In accordance with 10 CFR 2.790 of the NRC's "Rules of Practice," a copy of this letter, its enclosure, and any response will be placed in the NRC Public Document Room (PDR). To the extent possible, your response should not include any personal privacy, proprietary, or safeguards information so that it can be placed in the PDR without redaction.

The responses directed by this letter and the enclosed Notice are not subject to the clearance procedures of the Office of Management and Budget as required by the Paperwork Reduction Act of 1980, Pub. L. No. 96-511.

                                  Sincerely,



                                  Thomas T. Martin
                                  Regional Administrator

Docket Nos. 030-00458; 030-02963
License No. 37-00697-02; 37-00697-31

Enclosure: Notice of Violation

cc w/Enclosure:
Kurt Bodison, Acting Radiation Safety Officer
Linda Knight, Chairperson, Radiation Safety Committee Commonwealth of Pennsylvania


NOTICE OF VIOLATION
Temple University                              Docket Nos. 030-00458; 030-02963
Philadelphia, Pennsylvania                     License Nos. 37-00697-02; 37-00697-31
                                               EA 95-243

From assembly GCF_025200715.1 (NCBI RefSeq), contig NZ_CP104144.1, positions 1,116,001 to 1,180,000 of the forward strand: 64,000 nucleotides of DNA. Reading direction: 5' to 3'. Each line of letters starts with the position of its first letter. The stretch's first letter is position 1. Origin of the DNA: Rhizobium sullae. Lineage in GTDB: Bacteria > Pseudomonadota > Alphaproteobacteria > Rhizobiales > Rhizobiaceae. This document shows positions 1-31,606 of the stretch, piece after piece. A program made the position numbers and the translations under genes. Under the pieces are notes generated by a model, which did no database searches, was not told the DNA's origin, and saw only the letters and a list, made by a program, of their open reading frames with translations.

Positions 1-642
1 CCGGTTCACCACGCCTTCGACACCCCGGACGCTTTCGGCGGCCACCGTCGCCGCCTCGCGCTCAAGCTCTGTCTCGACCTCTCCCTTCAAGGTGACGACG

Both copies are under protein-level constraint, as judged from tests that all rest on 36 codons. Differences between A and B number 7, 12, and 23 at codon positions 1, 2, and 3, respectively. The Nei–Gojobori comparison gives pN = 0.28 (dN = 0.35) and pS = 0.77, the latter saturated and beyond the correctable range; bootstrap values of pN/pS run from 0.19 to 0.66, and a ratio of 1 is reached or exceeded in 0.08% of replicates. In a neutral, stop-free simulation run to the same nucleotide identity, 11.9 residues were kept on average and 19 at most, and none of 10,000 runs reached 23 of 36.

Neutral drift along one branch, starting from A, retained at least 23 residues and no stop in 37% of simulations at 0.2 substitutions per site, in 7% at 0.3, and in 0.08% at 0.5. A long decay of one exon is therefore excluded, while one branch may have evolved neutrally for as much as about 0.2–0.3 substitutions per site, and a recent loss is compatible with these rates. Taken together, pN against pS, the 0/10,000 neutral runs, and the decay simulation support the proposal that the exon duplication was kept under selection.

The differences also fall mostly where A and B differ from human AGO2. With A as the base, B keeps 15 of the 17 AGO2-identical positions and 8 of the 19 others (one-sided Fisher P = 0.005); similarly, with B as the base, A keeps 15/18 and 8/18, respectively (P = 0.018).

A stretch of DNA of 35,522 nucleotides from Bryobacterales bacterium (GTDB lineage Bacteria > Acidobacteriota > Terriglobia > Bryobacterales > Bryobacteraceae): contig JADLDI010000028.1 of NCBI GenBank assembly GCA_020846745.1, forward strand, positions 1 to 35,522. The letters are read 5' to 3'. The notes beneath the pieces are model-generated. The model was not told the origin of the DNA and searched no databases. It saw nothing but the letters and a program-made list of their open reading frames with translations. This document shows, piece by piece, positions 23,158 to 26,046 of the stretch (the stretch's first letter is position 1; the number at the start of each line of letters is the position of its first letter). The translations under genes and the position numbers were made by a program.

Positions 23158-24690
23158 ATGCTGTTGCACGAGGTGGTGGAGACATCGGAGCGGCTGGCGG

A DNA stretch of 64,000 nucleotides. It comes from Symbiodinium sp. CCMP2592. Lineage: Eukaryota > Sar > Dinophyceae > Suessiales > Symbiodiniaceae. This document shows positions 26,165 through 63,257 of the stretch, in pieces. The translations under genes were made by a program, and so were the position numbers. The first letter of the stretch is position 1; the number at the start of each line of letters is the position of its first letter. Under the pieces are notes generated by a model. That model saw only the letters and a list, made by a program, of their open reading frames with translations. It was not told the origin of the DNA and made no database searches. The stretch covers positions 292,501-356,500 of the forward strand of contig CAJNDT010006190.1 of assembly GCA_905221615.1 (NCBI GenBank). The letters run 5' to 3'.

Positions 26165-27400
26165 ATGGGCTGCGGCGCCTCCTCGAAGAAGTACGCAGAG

During an NRC inspection conducted on October 5, 18 and 19, 1995, a violation of NRC requirements was identified. In accordance with the "General Statement of Policy and Procedures for NRC Enforcement Actions," NUREG-1600, the violation is listed below:

10 CFR 35.32(a) requires, in part, that the licensee establish and maintain a written quality management program to provide high confidence that byproduct material or radiation from byproduct material will be administered as directed by the authorized user.

Pursuant to 10 CFR 35.32(a)(4), the quality management program must include written policies and procedures to meet the specific objective that each administration is in accordance with a written directive.

The licensee's Quality Management Program (QMP) for the administration of teletherapy dated January 24, 1992, and a revised QMP, dated October 25, 1994, states, in part, that: (1) all calculations relating to target dose, beam-on-time, and doses to various sites of interest, whether performed by hand or by computer, will be checked by a hand calculation, by a person, preferably a member of the physics staff, who did not perform the original calculation, and that calculations will be checked prior to being used for patient treatment to verify that calculations/doses are adhering to the physician's prescription; and (2) if a written directive is vague or unclear or inconsistent with the treatment plan, the technologist should immediately notify (a) the chief technologist, (b) physics or dosimetry staff, and (c) the staff radiation oncologist.

Contrary to the above, on September 22 and 26, 1995, procedures established as part of the licensee's Quality Management Program were not followed, as evidenced by the following examples. Specifically,

1. on September 22, 1995, a member of the physics staff, who did not perform the original calculations of the target dose, beam-on-time, and doses to various sites of interest, in a cobalt-60 treatment to a patient on that date, did not adequately check, by a hand calculation, all calculations related to those parameters. The check was not adequate in that: